Sometimes I just can’t get to everyone. I’m human, I have things going on, but that doesn’t mean I should neglect the good folks who send me music to review. You guys know I try to get to you all. I like to think it matters.
Anyway, check it – here is the first of two posts I’ve dubbed “Lightning Rounds,” and it’s here where I’m going to play catch-up. Yes, there are a couple of cassette releases, and you can head on over to Cassette Gods and search for other items in those batches that I’ve reviewed (some of which will not have published there yet by the time this does). Other releases are of the non-cassette format, which, if you’ve been paying attention, is sort of what Critical Masses is all about these days. (Gotta keep it all separate or I’ll go crazy…) Enjoy the first wave!
Let’s remove this ambiguity first: Hep!Collective is not a crew, it’s a dude, Lorenzo Peluffo of Vercello, Italy. Peluffo’s work as Hep!Collective here often relies on the silence between the sounds, the samples and constructs. The voice sample on “B. and the Starry” gives a hint of where Peluffo’s mind is as he’s crafting these pieces: “Since I was a kid I was interested in the illusion of sound coming from the inside of objects.” That is not Peluffo speaking, but how lucky to find in words such a remarkable mission statement for this release. “B. and the Starry” is track five on Unified Silla Period, and the voice gradually merges into a jazz horn sample before degrading to ambient tone. Up to this point there’s already been some lovely experiments in sonic manipulation, including piping in sounds or radio signals from across dimensions, somewhat akin to Leyland Kirby’s Caretaker work. “Paopoa” is downright frightening, but it transitions into the Kirby-on-Mai Tais tropical transmission of “iai-toc,” a positively delightful stylistic cul-de-sac. Side B is much more subdued, its entirety taken up by “nevico,” simple tones and noise and spoken bits. The mantra, by this point, “The illusion of sound coming from the inside of objects,” returns (along with other spoken samples) and serves to question the reality of the cassette tape itself, the sound emanating from it a perception of the listener, whose own spatial position determines the actual output. It’s the age-old question about hearing trees falling in the forest if no one’s there, reimagined for a modern convention – if the coding on the magnetic tape doesn’t interact with the components that read it, are we just perceiving this world while we hover in suspended animation, acting as human batteries for the Matrix?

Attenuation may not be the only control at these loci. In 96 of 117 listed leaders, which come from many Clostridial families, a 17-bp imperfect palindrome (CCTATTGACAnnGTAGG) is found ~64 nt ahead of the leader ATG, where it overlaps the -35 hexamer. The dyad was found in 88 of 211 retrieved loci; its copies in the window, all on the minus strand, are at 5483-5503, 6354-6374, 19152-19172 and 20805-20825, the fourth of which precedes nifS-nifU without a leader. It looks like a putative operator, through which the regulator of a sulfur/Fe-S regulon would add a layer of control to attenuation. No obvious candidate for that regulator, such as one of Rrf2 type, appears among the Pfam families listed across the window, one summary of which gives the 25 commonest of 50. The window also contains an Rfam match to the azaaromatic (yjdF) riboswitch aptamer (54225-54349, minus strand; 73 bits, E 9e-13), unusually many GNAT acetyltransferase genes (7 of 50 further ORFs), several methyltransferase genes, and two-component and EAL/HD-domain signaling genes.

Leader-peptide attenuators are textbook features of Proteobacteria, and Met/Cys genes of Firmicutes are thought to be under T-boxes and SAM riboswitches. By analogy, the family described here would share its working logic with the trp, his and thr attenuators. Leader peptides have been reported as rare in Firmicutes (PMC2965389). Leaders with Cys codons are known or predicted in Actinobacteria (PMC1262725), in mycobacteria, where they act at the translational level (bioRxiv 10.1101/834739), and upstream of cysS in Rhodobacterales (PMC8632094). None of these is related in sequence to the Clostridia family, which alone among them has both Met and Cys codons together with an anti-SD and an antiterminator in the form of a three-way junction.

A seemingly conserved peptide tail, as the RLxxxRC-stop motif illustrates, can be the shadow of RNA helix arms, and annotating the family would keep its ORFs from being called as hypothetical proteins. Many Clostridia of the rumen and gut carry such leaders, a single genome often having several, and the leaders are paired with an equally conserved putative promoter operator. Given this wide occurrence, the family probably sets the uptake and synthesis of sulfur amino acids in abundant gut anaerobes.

Sound art is a tricky business. Anne-F Jacques loops found sound like creaking strings, scraping metal, burbling pulses, and droning currents, among other things, into a tactile environment where only one professional opinion is required: that of the electrician. Presumably confounded by the constant brownouts in her palatial Montréal townhouse (I assume), Jacques has composed an ode to the nuisance and invited the titular electricians over to diagnose the problem. Here’s the catch – they can only use their ears. It’s kind of like that Halloween game where you have to guess what’s in the bowl just by touch (hint: it’s brains). Over almost twenty minutes, these specialists will be treated to all manner of anomalies from the grid, invited to get in, get their hands dirty, and have Jacques’s world humming with the brightness of the modern power supply once again. Did I say sound art was a tricky business? I did, didn’t I. Well, that just means I preferred side B to side A. No biggie.